The record is silent with respect to the period that follows next, between February 1975 and March 1976. On April 23, 1976, however, Rayborn was arrested again in Philadelphia, approximately 14 months after his failure to appear in federal district court. Shortly thereafter, Philadelphia authorities informed New York authorities that Rayborn was once again in custody. Since Rayborn was still opposing extradition to New York at that point, New York and Philadelphia authorities agreed that the latter would prosecute Rayborn first on the Philadelphia homicide charge.

Both the Philadelphia and federal charges against Rayborn were concluded over the course of the next six months. On August 16, 1976, Rayborn pleaded guilty to manslaughter in the Philadelphia Court of Common Pleas. On September 28, 1976, after having been arraigned in New York earlier in July, Rayborn was produced in the United States District Court for the Southern District of New York and pleaded guilty to the illegal sale of heroin in violation of 21 U.S.C. §§ 173 and 174. On or about October 16, 1976, Rayborn was sentenced to a one-to-ten year term of imprisonment on his Philadelphia homicide charge and was committed shortly thereafter to a Pennsylvania State Correctional Institution. On November 16, 1976, Rayborn was returned to New York and sentenced in federal district court to an indeterminate term of not more than five years on his federal narcotics charge, to run consecutively to the state sentence.

On March 22, 1977, Rayborn was delivered to the Bureau of Prisons to begin serving his federal sentence at the United States Penitentiary in Lewisburg, Pennsylvania; subsequently, he was transferred to the United States Penitentiary in Atlanta, Georgia on June 21, 1977, where he remained until October of 1978.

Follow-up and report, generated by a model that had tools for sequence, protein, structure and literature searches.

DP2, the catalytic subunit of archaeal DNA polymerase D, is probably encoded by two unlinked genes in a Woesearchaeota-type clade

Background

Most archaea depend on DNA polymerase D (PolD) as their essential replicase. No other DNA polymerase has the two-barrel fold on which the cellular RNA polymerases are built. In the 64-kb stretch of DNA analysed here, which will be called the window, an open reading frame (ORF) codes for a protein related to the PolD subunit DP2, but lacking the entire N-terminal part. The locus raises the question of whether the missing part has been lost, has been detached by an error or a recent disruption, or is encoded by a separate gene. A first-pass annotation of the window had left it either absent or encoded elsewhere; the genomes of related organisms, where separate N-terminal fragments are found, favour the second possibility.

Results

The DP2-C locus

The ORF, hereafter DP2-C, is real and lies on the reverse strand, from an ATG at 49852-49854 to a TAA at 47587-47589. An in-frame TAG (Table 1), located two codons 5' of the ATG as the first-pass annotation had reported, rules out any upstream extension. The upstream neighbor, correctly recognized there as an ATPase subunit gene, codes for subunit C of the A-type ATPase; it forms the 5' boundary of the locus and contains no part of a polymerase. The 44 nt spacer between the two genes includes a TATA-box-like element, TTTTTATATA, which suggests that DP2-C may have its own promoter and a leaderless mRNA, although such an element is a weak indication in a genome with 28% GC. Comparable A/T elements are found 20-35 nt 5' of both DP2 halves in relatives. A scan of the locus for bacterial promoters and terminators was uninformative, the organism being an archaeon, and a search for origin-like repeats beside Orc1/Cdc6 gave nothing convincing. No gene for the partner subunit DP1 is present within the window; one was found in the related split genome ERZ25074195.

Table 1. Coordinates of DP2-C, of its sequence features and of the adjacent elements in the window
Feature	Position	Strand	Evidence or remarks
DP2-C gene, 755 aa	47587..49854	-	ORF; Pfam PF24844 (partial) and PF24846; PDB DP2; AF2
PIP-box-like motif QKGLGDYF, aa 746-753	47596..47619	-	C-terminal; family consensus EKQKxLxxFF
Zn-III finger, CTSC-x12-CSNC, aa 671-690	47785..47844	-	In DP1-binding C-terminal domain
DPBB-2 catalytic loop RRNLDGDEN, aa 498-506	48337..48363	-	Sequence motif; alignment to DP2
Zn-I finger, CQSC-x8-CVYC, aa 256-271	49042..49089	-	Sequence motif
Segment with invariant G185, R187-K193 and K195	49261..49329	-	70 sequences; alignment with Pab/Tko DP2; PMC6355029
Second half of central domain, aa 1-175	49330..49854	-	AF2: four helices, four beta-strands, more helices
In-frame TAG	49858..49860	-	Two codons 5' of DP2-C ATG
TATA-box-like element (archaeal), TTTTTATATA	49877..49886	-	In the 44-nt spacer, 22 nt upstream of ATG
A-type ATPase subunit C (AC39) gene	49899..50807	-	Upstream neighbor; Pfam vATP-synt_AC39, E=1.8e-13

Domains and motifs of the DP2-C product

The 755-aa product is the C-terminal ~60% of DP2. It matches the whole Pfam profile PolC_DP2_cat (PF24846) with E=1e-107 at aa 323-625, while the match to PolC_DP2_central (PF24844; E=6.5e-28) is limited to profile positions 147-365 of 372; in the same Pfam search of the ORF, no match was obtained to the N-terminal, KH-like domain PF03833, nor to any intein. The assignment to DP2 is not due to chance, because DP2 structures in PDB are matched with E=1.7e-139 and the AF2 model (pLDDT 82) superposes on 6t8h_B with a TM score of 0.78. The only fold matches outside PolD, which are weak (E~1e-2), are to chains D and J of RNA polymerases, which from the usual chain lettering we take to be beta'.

During the period from approximately mid-1976 to April 1978, while Rayborn was serving his sentences, a series of clerical mishaps occurred in the New York District Attorney's Office, and as a result, Rayborn's case was lost in bureaucratic limbo. During 1976, his case was reassigned several times within the District Attorney's Office. Because one of the reassignments was not recorded in the proper files, no particular ADA had responsibility for the case until April 1978, and, as a result, no action was taken by the District Attorney's Office during that period in connection with Rayborn's case.

This lack of oversight continued even though between November 1976 and April 1978 the Philadelphia District Attorney's Office and prison officials at the federal penitentiary in Atlanta attempted to contact the New York District Attorney's Office in order to determine whether it intended to file a detainer against Rayborn while he was in custody. During this period, in September 1977, Rayborn wrote to the District Attorney's Office from federal prison requesting that he be tried on the 1974 indictment, but that office apparently misplaced the letter. On April 7, 1978, after receiving no response to his letter from the New York District ...